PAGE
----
Pienza - The first "Ideal City" becomes real

Youth Committee of the Italian National Commission for UNESCO

How Pienza city centre started a urban approach used in modern cities

The Ideal City
That of an “ideal city” is a concept conceived during the Italian Renaissance, in accordance with the dictates of a rational objective. This concept is deeply rooted in the so-called Umanesimo [Renaissance Humanism], a system focusing on humans and their values, capacities, and worth which represented a cultural, social and artistic revolution. In this context the human being at the centre of this system, while the environment in which he lived underwent a revolution too. For the first time the idea of an ideal city came to its definitive design—casting its huge influence on contemporary urban planning.

An harmonious city plan

The ideal Renaissance town was a symmetric, harmonic settlement built around a central square, similar to that depicted in the anonymous painting The Ideal City.

An ideal model of life and government

From the main square, the entire urban tissue developed, with its regular geography aimed at making life easy and harmonious, conceived to maximise the interactions and the happiness of its inhabitants. This eventually came to embody a model of ideal living and government based on the concept of a self-sufficient, peaceful and hardworking population.

The square at the heart of the city

You may think of this just as a theory, but in fact the perfect Renaissance city exists and it’s called Pienza.

The symbol of urban planning

Renaissance brought a new way of seeing the world along: the "Umanesimo", a system that focused on humans and their values, capacities, and worth.
In this context, urban architecture evolved too, and the square became the centre of the urban life. From the square, the entire urban tissue developed, with its regular geography aimed at making life easy and harmonious.
Pienza is one of the first and most symbolic examples of urban planning. It perfectly represents the idea of the Renaissance town, a town built around, and for, its inhabitants. See for example the main square: each side of the square has seats so that people can see each other and spend time together. Here is where parents sit.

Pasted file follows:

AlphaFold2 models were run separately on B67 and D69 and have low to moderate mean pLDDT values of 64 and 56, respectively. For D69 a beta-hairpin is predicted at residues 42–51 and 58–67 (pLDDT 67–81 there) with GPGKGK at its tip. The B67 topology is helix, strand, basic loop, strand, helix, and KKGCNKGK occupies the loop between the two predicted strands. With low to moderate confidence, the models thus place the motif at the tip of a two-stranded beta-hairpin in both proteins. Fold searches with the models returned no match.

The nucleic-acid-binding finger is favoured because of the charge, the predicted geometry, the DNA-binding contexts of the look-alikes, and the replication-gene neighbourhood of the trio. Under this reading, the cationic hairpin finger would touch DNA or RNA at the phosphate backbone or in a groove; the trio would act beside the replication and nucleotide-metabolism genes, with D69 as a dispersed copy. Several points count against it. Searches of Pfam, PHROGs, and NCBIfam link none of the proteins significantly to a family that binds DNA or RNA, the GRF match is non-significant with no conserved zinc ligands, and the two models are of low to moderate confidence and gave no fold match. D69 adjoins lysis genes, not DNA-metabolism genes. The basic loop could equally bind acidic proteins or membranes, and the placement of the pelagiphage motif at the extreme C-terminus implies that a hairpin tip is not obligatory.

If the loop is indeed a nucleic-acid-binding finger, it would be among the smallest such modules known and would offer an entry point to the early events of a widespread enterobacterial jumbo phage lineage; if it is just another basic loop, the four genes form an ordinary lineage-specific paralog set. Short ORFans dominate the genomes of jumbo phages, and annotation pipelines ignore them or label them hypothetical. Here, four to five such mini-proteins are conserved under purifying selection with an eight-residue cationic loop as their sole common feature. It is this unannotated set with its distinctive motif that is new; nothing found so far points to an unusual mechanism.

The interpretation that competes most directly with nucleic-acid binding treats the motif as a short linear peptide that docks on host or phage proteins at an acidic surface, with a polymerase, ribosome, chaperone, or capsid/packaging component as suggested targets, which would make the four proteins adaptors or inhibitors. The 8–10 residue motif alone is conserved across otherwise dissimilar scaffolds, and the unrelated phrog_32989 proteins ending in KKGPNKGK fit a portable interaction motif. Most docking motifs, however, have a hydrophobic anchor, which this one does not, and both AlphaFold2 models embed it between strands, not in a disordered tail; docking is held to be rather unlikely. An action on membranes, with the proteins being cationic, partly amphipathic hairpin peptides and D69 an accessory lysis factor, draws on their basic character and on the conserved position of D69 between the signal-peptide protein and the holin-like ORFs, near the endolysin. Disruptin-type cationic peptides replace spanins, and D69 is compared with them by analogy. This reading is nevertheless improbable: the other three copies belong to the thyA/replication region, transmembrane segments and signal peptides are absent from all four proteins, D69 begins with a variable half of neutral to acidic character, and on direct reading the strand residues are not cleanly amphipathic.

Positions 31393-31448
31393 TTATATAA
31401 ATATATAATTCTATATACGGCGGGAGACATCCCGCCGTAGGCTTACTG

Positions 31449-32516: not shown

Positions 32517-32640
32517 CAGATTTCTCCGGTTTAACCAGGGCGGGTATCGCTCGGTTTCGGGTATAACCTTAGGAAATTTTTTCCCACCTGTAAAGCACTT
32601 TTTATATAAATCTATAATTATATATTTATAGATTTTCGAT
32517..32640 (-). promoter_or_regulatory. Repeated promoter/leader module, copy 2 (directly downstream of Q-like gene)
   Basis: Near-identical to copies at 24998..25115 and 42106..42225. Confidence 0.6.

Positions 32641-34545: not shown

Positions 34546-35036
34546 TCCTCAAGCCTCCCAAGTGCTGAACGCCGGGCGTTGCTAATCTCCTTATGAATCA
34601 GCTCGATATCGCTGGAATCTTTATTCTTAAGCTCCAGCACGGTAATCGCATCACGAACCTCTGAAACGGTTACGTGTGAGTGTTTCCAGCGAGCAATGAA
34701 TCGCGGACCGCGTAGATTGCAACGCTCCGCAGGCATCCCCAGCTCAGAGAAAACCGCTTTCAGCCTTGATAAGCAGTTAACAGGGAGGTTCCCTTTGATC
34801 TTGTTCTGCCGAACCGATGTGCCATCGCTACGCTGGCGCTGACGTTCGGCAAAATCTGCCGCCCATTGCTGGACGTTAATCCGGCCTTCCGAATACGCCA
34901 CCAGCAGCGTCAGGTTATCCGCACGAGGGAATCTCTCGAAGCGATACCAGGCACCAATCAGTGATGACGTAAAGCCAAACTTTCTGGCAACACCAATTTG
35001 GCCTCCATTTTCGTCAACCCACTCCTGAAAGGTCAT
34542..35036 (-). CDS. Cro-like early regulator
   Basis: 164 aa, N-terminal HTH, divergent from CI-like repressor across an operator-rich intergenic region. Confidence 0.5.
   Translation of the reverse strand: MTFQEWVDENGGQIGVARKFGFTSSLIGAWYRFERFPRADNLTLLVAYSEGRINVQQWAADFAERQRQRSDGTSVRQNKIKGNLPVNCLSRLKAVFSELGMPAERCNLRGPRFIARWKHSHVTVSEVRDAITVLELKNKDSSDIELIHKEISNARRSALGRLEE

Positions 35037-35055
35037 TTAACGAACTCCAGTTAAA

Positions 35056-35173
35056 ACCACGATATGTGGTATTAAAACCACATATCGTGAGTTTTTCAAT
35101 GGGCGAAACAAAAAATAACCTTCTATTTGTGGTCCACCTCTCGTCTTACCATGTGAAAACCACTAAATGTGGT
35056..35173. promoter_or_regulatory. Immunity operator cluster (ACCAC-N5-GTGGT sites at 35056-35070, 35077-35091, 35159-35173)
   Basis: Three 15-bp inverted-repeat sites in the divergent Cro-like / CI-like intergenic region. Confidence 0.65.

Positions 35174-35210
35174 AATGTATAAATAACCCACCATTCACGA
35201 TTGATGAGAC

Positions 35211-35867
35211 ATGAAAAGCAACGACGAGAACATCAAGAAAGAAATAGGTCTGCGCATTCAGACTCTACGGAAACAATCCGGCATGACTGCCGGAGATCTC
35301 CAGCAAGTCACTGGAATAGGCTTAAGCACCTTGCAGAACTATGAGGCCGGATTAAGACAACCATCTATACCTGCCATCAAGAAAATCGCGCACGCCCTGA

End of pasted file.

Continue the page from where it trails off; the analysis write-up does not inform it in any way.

While children play in the square.

Papa Pio II and Bernardo Rossellino

This small town, which counts less than 3000 inhabitants, was strongly sought after by Pope Pio II, who put one of the greatest Renaissance's architects in charge of building this universal prototype of the ideal city. Bernardo Rossellino, student of Leon Battista Alberti, and other architects of the time teamed up with some 20,000 workers to complete the construction, which took just three years, between 1459 and 1462.

Not just a Renaissance model

But if Pienza represents an avanguardistic urban model, it is not only for the unequivocally Renaissance structure of its buildings and streets;

In fact it was also one of the first architectural projects to feature a public housing system.

The concept of the Ideal City after Pienza

After Pienza, the very idea that a city should reflect some “golden standards”, matching perfectly its territory and time has become a founding principle in the architectural thinking. The quest for efficient, organized and well functioning cities continued through the ages with many great modern and contemporary architects all over the world and through the ages.

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